The defensive schemes still seem a little squirrelly

I should have counted how many times Houston was in a down and distance situation like 2nd and 6, 3rd and 4, or 3rd and 8 only for me to check our defensive alignment and see our corners playing so far from their receiver that they were essentially in line for hot dogs. There was one play where our single high safety was so far off the screen that I’m pretty sure he set off the motion cameras at my house. I’ve said it before (and I’ll say it until it’s a lie): I’m not a professional defensive coordinator. Now that that’s out of the way, I can do simple math. If they need 4 yards and I give them 12 yards of space, they will be able to get 4 yards. In fact, they might be able to get 12 when the defender continues retreating after the snap until he disappears into the mist. Maybe our corners aren’t great at press coverage. Maybe we could still try putting them close enough to actually make a play that matters.

I know Jerome Baker pulled down a great interception this week (also teaching me a little about the rules in the process). Jerome Baker had 7 sacks last year and currently has 1. That pick, as nice as it was, is the only one he’s got, so the argument can’t really be that he’s a lights-out pass defender. He’s a good pass rusher. He should rush the passer.

My last complaint about coaching doesn’t even fit in this section, but too late. With 1:20 left in the 4th quarter, Miami is leading 17-9 and has the ball on the Houston 33 yard line. That’s a 50 yard field goal. The Dolphins let the clock wind down to :35, at which point they take a delay of game and punt. Yes, the special teams coverage downed the punt at the Houston 2. I don’t care that it worked. I hate the decision to punt there. It’s yet another instance of telling Jason Sanders that we don’t care that he was one of the top kickers last year, we no longer trust you. Sanders makes a 50 yarder, the game is guaranteed over. By punting, the Dolphins forced Houston to go an extra 34 yards for a game winning score. Even if Sanders missed, the anemic Texans’ offense would have needed to go 67 yards in 35 seconds with no timeouts, scored a touchdown, and completed a two point conversion just to take it to overtime. Trust your kicker. Kick the field goal. Seal the game.

Tua needs to get back on the field

Tua seems to be one of the unluckiest luckiest guys in the world. He’s in the NFL, so by definition, he’s almost as lucky as they get. Meanwhile, he hurts his finger just enough to not be ruled out of the game, but to instead serve as the backup to Jacoby Brissett, leaving the door open for naysayers and conspiracy theorists to come out of the woodwork and muckrake harder than S.S. McClure. According to Flores via PFT, Tua was positioned as the backup in a situation where, if Brissett had to leave the game, Tua would come in and be forced to use a reduced playbook. There are a few ways to take all the weirdness here: Tua is fragile and didn’t want to play through a small injury. Tua is tough and tried to push through it, but the coaches held him out. The GM did a bad job acquiring QB talent when a hurt starter on a reduced playbook is a better option than the 3rd stringer with the full playbook. Tua’s faking it because he put a huge bet down in Vegas that he’ll miss at least 6 games this year. Whatever your interpretation of the situation is: Tua really needs to play more football for the Dolphins.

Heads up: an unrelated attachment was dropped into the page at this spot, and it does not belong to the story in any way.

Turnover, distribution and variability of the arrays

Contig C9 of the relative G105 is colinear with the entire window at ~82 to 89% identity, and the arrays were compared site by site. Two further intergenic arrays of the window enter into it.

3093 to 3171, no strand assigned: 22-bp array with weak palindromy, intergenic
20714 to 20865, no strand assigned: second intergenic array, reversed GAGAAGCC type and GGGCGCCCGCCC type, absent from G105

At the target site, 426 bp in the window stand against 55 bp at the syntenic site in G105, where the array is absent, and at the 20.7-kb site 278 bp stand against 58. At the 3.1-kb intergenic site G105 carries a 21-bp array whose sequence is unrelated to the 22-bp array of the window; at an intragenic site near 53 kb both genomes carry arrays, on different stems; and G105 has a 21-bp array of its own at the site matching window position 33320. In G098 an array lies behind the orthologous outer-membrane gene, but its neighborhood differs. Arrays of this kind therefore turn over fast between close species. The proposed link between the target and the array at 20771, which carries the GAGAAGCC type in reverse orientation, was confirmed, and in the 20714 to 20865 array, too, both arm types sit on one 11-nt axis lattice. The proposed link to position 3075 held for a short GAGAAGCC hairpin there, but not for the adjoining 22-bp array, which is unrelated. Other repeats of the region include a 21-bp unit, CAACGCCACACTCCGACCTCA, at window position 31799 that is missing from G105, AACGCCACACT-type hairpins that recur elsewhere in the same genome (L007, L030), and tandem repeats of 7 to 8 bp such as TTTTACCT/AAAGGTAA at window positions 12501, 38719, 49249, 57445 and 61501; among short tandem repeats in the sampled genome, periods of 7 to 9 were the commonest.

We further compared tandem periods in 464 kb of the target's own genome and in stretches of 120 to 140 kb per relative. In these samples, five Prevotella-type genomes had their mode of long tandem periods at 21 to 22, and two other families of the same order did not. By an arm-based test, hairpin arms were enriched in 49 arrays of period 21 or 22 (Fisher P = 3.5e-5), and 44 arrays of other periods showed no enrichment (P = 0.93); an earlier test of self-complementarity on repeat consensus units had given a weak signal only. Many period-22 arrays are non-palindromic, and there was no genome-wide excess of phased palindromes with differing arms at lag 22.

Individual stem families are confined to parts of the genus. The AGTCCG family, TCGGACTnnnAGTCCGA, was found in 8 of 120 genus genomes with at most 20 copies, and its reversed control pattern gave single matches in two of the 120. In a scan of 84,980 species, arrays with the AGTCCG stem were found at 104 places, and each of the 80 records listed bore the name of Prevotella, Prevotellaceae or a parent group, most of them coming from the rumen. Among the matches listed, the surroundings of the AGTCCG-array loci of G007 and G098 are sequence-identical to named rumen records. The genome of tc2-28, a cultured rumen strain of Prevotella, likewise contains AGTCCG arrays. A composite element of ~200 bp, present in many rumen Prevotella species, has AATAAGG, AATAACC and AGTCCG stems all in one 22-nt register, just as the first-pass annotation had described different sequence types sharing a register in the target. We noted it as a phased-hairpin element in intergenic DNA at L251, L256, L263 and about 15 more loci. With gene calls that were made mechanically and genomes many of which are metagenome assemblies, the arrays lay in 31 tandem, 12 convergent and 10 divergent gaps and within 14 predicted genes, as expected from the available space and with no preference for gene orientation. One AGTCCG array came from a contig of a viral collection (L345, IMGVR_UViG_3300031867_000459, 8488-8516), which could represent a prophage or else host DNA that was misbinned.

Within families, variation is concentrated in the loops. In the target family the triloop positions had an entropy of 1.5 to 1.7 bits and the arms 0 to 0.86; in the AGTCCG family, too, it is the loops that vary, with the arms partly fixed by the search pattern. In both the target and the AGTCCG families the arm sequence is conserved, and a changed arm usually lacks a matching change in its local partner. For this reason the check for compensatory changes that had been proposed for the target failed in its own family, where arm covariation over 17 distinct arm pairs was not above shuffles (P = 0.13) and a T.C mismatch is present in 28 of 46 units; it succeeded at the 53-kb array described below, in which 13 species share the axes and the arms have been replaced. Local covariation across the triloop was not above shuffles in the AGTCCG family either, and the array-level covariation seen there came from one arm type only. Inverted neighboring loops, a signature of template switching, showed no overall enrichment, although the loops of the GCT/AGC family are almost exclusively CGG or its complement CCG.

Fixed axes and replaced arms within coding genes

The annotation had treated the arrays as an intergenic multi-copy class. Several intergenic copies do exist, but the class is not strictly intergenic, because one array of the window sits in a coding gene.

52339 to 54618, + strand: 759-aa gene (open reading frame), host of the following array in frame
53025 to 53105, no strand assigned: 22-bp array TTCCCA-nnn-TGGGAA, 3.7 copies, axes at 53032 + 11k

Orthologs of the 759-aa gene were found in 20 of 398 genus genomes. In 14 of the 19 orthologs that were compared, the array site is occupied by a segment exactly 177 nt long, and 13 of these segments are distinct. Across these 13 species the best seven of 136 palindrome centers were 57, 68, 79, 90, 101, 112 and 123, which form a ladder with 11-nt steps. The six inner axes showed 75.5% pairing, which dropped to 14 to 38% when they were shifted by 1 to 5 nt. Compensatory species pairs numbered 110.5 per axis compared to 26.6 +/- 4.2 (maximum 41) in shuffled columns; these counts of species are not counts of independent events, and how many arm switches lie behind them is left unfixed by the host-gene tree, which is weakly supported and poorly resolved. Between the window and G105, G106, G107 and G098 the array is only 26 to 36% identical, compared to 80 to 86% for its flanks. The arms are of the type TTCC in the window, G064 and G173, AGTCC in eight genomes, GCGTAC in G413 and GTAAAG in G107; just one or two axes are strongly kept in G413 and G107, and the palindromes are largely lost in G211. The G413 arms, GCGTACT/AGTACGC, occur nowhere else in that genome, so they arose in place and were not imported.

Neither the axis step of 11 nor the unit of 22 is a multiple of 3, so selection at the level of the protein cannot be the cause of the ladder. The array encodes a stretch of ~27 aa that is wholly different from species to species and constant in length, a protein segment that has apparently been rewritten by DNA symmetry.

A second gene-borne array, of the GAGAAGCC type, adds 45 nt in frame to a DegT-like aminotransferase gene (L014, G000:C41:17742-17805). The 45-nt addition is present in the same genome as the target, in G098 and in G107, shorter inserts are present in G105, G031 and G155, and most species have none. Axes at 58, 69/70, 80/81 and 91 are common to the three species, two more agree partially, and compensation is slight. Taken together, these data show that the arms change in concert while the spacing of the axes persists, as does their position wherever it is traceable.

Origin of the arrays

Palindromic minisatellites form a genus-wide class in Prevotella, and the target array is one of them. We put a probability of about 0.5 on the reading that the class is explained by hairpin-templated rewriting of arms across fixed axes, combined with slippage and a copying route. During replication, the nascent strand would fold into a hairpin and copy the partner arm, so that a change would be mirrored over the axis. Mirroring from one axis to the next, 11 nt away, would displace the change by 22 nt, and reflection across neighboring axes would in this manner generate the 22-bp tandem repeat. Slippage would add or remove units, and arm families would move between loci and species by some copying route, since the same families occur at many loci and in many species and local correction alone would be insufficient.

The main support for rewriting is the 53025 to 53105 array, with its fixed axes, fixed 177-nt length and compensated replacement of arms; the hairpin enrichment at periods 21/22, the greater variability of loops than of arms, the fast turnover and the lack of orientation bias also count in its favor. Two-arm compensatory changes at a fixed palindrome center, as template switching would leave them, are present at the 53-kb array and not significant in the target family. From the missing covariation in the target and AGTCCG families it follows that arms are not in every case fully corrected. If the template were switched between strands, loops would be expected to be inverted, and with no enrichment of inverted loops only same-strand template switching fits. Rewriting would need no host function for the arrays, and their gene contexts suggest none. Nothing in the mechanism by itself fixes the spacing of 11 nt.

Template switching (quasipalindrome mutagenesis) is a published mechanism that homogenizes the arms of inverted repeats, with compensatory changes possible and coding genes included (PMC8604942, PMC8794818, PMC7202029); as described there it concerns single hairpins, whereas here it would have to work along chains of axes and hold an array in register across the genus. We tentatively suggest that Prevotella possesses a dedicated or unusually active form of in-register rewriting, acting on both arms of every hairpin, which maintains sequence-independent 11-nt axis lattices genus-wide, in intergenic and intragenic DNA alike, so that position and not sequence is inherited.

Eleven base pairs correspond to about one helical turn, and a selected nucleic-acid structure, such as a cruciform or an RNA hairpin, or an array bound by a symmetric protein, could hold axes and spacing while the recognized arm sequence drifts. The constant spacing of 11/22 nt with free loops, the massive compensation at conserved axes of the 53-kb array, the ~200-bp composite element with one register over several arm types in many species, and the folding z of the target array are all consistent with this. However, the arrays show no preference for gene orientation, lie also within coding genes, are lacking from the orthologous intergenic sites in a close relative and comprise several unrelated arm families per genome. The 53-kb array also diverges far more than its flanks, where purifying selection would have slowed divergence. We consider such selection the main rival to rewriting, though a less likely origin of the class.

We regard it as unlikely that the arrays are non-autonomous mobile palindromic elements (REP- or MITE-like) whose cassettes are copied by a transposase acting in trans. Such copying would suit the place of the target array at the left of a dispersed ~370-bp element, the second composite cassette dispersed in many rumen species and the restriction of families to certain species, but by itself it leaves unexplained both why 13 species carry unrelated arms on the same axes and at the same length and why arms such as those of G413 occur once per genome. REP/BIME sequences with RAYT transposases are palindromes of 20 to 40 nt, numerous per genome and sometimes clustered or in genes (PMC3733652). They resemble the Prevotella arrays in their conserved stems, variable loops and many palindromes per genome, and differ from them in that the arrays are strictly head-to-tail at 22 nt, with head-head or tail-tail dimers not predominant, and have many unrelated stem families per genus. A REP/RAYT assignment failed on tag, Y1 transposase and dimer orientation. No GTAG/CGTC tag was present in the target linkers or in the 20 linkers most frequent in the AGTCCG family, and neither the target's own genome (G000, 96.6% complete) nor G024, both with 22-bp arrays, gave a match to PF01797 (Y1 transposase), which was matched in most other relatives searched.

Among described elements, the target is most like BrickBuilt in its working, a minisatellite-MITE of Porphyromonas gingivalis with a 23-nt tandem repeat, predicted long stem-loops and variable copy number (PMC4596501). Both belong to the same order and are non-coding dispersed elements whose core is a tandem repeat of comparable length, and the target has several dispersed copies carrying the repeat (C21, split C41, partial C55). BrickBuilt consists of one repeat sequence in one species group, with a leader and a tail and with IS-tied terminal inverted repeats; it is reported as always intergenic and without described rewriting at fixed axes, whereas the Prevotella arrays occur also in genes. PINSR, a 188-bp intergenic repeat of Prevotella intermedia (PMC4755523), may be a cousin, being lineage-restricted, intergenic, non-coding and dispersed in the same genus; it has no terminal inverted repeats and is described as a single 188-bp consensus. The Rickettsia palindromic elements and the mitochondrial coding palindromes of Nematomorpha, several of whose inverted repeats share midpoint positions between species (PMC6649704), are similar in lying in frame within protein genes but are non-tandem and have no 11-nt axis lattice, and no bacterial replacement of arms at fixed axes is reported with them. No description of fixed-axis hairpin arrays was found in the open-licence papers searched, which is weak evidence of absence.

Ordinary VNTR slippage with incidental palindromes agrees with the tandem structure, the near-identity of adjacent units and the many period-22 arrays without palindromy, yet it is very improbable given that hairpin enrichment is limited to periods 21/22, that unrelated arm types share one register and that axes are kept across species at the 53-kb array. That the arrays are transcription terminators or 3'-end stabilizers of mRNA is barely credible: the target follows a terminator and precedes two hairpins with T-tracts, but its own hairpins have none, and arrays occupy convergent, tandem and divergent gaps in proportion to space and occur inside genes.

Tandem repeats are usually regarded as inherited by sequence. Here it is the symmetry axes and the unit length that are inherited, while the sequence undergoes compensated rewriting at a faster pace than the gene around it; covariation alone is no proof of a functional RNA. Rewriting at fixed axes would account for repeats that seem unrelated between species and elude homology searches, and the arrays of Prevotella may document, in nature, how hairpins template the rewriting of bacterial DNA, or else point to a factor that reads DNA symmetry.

The only way Tua can ever silence his critics is to play and dominate. He can’t dominate if he doesn’t play. I realize the downside to playing hurt (especially if they were really going to limit the playbook on him, which, as an aside: how could we possibly even do that with the way our offense is designed?) is that he could come out and lay an egg against a terrible team. The fault could very well be with his finger and the playbook, but evaluators may not acknowledge that. However, being injury prone is one of (if not the biggest of) the knocks against him, so fighting through a finger injury might look better than taking it easy. Regardless, there’s a really quick turnaround to Thursday’s game against Baltimore. If I were Tua, I’d be pushing as hard as I could to get on the field. Hanging with a solid Ravens team would go a lot further than cheering on The Pit Master from the sidelines.

Thursday night is going to be a challenge

I don’t want to doomsay. Here’s just a random list of numbers: 59, 40, 38. Those are the scores the Ravens put up against Miami the last three times the two teams played. 10, 0, 6. Those are the scores the Dolphins put up in those same games. For you non-mathematicians out there: That’s stupid bad. The Ravens are currently 6-2 coming off an overtime win against the Minnesota Vikings. They got thumped by a Bengals team that is kind of middling, but have also beaten the Chargers and Chiefs. The Dolphins, meanwhile, are not 6-2. Again, I don’t want to doomsay. I’m just prepared to set my expecatations a little low this go round. I want to see Tua play. If Tua’s starting, I want to see a competitive game kept within two scores. If Tua’s out, I want to see a huge amount of smoked meats cooked and served to those in attendance. Anything within 63 points is fine in that case. If I’m the coaching staff, given the team’s record, performance this year, injuries, etc. I would come out swinging like nobody’s business on Thursday night. Trick plays, special teams fakes, simulated crowd noise, laser pointers, deflated footballs, and Southern Louisiana waterboys ready to lay the wood in mama’s honor would all be on the table. Let the players go nuts and have some fun. What do you have to lose?

Are you so excited? And you just can’t hide it? Or you just think it’s neat that we won’t be the first 1-16 team in NFL history? Maybe you don’t think at all. That’s perfect for the comment section. Come join in.